Culturally Speaking Corner …. The American Islamic College – a Sleeping Giant...

Culturally Speaking Corner …. The American Islamic College – a Sleeping Giant Awakens!

By Bassam Helwani
In the early 1980s, the talk among the Muslim community was Chicago’s newly established American Islamic College (AIC). Founded in 1981, the College’s goal was providing four-year college leading to Bachelor of Arts degrees with an Islamic perspective in subjects like Education and Social Studies, as well as Islamic and Arabic Studies.
The dream was to serve the Muslim and non-Muslim communities with sound academic programs and active community involvement. The location was certainly conducive to those aims, with facilities built on landmark real estate that afforded both a beautiful campus and good access to other services and universities – and just steps away from beautiful Lake Michigan.
"Bittersweet Place" is the road that brings one to the entrance of the College’s 640 W. Irving Park address, and bittersweet exemplifies the story of the American Islamic College. In the late 1990s, AIC hit a point of stagnation and its accreditation was rescinded.
But just like the proverbial Phoenix, the American Islamic College is rising again - with new blood, renovated facilities and a new outlook.
To begin the dream of reopening, the Interim Executive Council dug in and began rebuilding the institution they so believed in. Their first obstacle was the facilities themselves. Part of the building has been rented out to a French school and Parkview Montessori School.
Other parts of the facilites that had not been rented out were left in disrepair for many years. Roofs were leaking, floors were damaged, equipment was ruined. In its rebirth, AIC spent $600,000 renovating the dorms alone.
Once they had the facilities in shape, they turned to rebuilding the academic programs that would be the real heart of the College and getting the accreditation to put them in operation. The Interim Executive Council appointed Chicagoans to the Board of Trustees.
These prominent community members brought many years of academic experience to the AIC and provided the accountability and accessibility that makes for a successful governing body.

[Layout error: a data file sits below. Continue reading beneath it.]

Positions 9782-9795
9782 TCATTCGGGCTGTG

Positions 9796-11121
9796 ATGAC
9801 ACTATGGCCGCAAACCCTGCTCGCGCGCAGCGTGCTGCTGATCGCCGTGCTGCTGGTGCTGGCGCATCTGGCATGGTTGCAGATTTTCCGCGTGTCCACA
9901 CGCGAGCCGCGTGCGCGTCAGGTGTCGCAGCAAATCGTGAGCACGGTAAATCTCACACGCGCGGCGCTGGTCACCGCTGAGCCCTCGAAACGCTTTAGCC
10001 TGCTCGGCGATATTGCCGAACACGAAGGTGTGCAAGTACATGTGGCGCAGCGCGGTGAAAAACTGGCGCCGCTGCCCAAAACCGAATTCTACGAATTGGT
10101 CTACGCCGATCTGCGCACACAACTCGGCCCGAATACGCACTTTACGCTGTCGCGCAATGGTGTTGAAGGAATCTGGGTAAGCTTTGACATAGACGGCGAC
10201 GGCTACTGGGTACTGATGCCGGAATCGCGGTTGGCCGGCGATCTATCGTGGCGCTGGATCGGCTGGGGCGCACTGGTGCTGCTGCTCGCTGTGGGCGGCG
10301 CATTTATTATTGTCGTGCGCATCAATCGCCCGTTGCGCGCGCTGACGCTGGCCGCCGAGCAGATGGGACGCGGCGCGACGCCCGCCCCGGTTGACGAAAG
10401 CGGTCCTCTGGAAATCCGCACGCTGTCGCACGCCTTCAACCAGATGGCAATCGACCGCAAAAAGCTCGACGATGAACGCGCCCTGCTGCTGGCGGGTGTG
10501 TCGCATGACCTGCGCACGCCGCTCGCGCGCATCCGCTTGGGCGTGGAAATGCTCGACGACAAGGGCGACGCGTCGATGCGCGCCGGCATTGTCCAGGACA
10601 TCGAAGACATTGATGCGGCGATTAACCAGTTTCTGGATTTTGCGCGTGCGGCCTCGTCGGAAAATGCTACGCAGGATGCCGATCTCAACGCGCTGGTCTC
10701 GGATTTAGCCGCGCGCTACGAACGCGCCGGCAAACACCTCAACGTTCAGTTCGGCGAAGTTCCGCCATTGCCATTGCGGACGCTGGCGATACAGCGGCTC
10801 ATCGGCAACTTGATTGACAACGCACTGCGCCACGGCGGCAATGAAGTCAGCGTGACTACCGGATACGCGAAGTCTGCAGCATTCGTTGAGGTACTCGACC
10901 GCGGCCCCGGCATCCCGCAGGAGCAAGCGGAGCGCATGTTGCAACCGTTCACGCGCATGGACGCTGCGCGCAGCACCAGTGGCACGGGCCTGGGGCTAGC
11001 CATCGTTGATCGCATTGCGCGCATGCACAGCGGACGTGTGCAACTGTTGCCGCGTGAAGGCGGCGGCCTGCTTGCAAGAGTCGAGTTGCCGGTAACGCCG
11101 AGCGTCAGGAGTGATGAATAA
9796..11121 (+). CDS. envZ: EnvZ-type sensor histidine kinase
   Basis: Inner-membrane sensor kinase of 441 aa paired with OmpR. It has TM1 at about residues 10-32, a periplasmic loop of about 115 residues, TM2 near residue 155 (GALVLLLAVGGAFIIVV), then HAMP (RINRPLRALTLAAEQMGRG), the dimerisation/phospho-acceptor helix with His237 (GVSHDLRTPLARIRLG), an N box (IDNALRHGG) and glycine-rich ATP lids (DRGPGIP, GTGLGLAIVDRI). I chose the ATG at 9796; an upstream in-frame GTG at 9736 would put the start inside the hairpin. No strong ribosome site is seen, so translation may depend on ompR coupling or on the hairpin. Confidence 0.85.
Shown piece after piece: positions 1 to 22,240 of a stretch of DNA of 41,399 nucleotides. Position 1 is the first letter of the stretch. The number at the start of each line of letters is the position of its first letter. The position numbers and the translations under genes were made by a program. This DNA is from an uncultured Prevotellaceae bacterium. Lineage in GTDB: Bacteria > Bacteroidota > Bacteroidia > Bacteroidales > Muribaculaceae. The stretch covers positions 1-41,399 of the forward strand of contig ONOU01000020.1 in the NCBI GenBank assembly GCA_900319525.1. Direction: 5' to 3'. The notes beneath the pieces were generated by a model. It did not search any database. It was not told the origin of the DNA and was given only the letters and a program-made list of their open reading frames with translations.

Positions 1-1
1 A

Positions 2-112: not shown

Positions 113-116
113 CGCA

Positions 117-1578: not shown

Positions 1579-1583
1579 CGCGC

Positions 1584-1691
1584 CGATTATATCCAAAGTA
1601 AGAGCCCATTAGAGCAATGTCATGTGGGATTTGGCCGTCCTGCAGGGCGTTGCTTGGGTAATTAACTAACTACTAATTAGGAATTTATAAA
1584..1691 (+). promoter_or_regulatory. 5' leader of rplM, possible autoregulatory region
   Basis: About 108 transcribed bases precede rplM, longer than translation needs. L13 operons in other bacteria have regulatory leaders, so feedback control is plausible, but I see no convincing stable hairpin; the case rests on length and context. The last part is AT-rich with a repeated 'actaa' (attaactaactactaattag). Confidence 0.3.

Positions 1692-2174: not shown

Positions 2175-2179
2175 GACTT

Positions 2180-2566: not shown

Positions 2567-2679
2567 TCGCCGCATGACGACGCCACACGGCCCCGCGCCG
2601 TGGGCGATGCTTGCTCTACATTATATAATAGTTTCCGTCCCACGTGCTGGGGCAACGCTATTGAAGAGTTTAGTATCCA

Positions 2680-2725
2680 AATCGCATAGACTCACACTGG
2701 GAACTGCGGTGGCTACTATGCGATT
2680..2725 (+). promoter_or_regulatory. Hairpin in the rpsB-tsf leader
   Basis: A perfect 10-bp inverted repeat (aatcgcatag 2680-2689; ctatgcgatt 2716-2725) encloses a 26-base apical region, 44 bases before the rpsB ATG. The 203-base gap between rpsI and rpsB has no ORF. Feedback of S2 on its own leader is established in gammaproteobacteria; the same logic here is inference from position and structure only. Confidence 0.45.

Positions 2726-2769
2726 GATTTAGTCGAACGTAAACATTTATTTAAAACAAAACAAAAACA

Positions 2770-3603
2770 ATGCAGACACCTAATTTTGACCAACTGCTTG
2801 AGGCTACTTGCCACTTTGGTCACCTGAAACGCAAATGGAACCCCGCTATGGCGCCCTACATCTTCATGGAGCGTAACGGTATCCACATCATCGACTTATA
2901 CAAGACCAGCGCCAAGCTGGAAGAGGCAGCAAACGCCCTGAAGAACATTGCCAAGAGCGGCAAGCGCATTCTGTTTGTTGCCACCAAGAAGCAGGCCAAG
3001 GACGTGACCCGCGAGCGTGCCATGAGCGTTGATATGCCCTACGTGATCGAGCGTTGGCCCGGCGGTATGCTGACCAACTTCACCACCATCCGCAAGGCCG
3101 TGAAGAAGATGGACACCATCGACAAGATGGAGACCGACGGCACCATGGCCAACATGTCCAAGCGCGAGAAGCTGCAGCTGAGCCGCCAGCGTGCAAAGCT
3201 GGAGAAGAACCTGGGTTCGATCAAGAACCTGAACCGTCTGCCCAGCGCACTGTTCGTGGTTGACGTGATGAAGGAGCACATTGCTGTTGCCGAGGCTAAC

Receiving accreditation for a College is not a one-step operation. The AIC has applied through the Illinois Board of Higher Education for Operating Authority. This authority, which will allow AIC to offer for-credit courses, is well expected to come through in the next few months.
Degree-granting authorization takes a bit longer and the application is in full swing. The College hopes to be offering for-credit courses in the fall of 2012 and degrees within the next one to two years. The first degree offerings will include Bachelor’s and Master’s in Islamic Studies and Imam Training.
Later degrees in economics, media, political science and other subjects will be available.
But the American Islamic College is not just sitting back waiting for all those things to happen. In the meantime, the staff and board are working to overcome the largest obstacle of all. Those who lived through the past three decades and witnessed AIC’s first incarnation were left with little faith in the institution.
The new management has a long-range plan for earning back their confidence, and it includes the College, the Islamic communities in the U.S., and the community-at-large. They’ve begun with a free lecture series featuring prominent academians, politicians and writers.
The series is open to the public and has had an enthusiastic response. Interfaith activities are helping AIC renew its relationships with adherents of other faiths as well. An interfaith garden, an open arms attitude toward visitors and a Sounds of Faith program are among the projects that are revitalizing its interfaith ties.
In addition, AIC has hosted two “Islam and Muslims in America” conferences that brought together Muslim scholars and national politicians.

While they are awaiting full accreditation, AIC also is offering non-credit courses in subjects like Islamic Studies, Arabic Studies, Sufism, Classical Arabic Music and Turkish Ebru (the art of paper marbling with oil paint on water). These courses are being attended by students from neighboring universities.
With a local Board of Trustees and Interim Executive Council in place, a curriculum developed by experienced professors, a league of qualified, prominent instructors and a beautiful facility with a sparkling new library, auditorium, lab, cafeteria and dorm, the American Islamic College will be ready to receive students from overseas, from Americans across the U.S. and from Chicago itself.
AIC is ready to become the home of future scholars, economists, media professionals and politicians. It has regrouped, restructured and rebounded. “We have the preparation, the planning and the finances in place,” an AIC spokesman said.
“What we need now is du’a from all the community members. We need their support to become the first-rate institution we envision.”


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